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Lynndyl City is a small isolated community located in Millard County and is home to 106 residents, according to the 2010 US Census. Lynndyl was first established as an unnamed junction for the Los Angeles and Salt Lake Railroad around 1904. With a depot being constructed and a telegraph line being completed also in 1904, railroad employees began moving into the area around 1907. The name Lynndyl was created in 1904 when the first telegraph operator tried out her new system by sending a message to the next telegraph station. The operator at the other end asked the telegraph woman for her location, she quickly looked at her shoe, which was made in Lynn, Massachusetts, and responded, “This is Lynn.” Lynn Junction was then established and later it was changed to Lynndyl, to distinguish the community from another town in Utah named Lynn (Ekins 551).

According to a May 27, 1993, article in the Millard County Chronicle, the history of Lynndyl’s existence is tied directly to the railroad. The first train tracks within the city were laid in 1879 for the purpose of sending trains to the silver mining town of Frisco, to the south. In 1906 the first section house and round house with 18 stalls was constructed, and each were filled with workman repairing and maintaining locomotives. With the rail industry growing, Lynndyl was one of the largest railroad terminals between Omaha, Nebraska, and Los Angeles, California.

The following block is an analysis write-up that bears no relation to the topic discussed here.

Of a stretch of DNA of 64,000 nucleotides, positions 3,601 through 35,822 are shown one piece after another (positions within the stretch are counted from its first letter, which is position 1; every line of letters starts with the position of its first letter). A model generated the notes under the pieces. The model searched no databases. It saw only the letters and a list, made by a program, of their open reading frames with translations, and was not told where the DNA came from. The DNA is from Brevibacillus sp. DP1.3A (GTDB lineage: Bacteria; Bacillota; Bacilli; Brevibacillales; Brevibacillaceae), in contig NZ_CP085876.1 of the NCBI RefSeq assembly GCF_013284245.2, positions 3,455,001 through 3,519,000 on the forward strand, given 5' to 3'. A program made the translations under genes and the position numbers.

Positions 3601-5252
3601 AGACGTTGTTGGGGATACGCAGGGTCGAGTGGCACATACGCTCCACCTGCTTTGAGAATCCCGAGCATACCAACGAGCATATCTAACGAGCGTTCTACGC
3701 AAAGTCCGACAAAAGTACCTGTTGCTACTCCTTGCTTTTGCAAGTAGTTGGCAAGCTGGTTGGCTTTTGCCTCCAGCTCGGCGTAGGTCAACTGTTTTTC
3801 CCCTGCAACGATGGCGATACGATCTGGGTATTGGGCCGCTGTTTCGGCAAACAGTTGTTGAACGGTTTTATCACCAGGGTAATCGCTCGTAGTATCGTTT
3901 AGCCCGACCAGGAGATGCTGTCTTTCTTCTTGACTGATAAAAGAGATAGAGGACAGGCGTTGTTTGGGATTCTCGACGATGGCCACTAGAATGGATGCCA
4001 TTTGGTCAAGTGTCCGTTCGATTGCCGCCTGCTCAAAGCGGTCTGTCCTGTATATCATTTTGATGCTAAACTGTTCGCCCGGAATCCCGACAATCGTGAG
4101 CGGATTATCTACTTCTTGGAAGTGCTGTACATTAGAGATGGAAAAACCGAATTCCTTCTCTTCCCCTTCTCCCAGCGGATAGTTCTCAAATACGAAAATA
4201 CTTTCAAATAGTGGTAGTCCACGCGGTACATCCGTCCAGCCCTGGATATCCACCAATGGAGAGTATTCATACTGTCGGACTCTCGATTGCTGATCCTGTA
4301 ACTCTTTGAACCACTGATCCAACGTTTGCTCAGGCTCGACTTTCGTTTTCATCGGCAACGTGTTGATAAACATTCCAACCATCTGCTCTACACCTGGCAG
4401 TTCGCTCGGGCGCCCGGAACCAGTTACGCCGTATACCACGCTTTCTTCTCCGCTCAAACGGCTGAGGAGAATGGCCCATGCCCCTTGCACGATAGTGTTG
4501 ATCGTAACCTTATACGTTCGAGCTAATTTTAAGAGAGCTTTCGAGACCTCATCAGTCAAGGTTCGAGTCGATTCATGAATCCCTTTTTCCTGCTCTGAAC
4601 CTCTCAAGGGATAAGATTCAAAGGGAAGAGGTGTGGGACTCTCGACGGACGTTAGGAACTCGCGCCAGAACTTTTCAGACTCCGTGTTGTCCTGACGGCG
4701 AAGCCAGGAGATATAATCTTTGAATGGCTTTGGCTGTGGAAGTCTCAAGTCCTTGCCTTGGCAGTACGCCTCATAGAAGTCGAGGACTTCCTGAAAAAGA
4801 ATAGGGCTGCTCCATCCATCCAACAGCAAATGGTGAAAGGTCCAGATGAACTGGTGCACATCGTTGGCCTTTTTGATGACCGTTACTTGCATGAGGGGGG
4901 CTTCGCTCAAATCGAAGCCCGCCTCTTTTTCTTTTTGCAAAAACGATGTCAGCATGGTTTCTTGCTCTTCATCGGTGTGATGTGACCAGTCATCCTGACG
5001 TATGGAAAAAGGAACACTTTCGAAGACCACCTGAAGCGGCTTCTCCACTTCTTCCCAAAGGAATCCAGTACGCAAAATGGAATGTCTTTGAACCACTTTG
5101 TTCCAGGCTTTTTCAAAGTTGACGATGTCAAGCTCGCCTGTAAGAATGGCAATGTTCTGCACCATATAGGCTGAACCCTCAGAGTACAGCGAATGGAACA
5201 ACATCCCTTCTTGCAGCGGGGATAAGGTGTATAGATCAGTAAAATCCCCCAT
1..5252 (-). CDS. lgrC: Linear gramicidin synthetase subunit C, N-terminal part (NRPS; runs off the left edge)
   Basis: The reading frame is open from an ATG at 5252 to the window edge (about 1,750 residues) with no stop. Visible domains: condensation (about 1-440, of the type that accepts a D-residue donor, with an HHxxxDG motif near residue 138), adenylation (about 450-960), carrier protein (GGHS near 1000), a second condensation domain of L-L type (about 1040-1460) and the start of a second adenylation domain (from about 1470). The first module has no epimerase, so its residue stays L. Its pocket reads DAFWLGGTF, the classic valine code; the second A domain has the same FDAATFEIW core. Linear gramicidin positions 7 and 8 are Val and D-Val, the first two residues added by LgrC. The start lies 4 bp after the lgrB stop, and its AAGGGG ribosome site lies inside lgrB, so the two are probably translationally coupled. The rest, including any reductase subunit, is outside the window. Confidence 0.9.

Lynndyl was a rough town full of working men, gambling and bootlegging. Yet, the railroad also kept the town alive and brought work to many of its residents (Hellenbrand). With the coming of water in 1912, farmers began settling the area in 1913. Yet, many became discouraged with turning the barren land into fertile fields and left Lynndyl after a short time. During the years of the Great Depression, the town saw decline, yet still had numerous buildings dedicated to the rail industry and still had hundreds of employees. During World War II, the rail yards saw a boost of activity with soldiers and military equipment coming through the community for supplies. However, this soon changed when the technology of the locomotive was altered. New diesel locomotives were able to run faster and longer without being required to have numerous stops. The need to resupply in Lynndyl was no longer required and the back shops were moved to Provo. By 1950, only 8 passenger trains and 6 freight trains rode through the town on a daily basses. With the loss of jobs, many people moved out of the community to find work elsewhere. As time progressed many structures were abandoned and eventually demolished. In the late 1970s and early 1980s new hope was brought to the small town, when the coal-fired Intermountain Power Project plant was constructed nearby. Other than farming, this is the only industry, and population has not increased.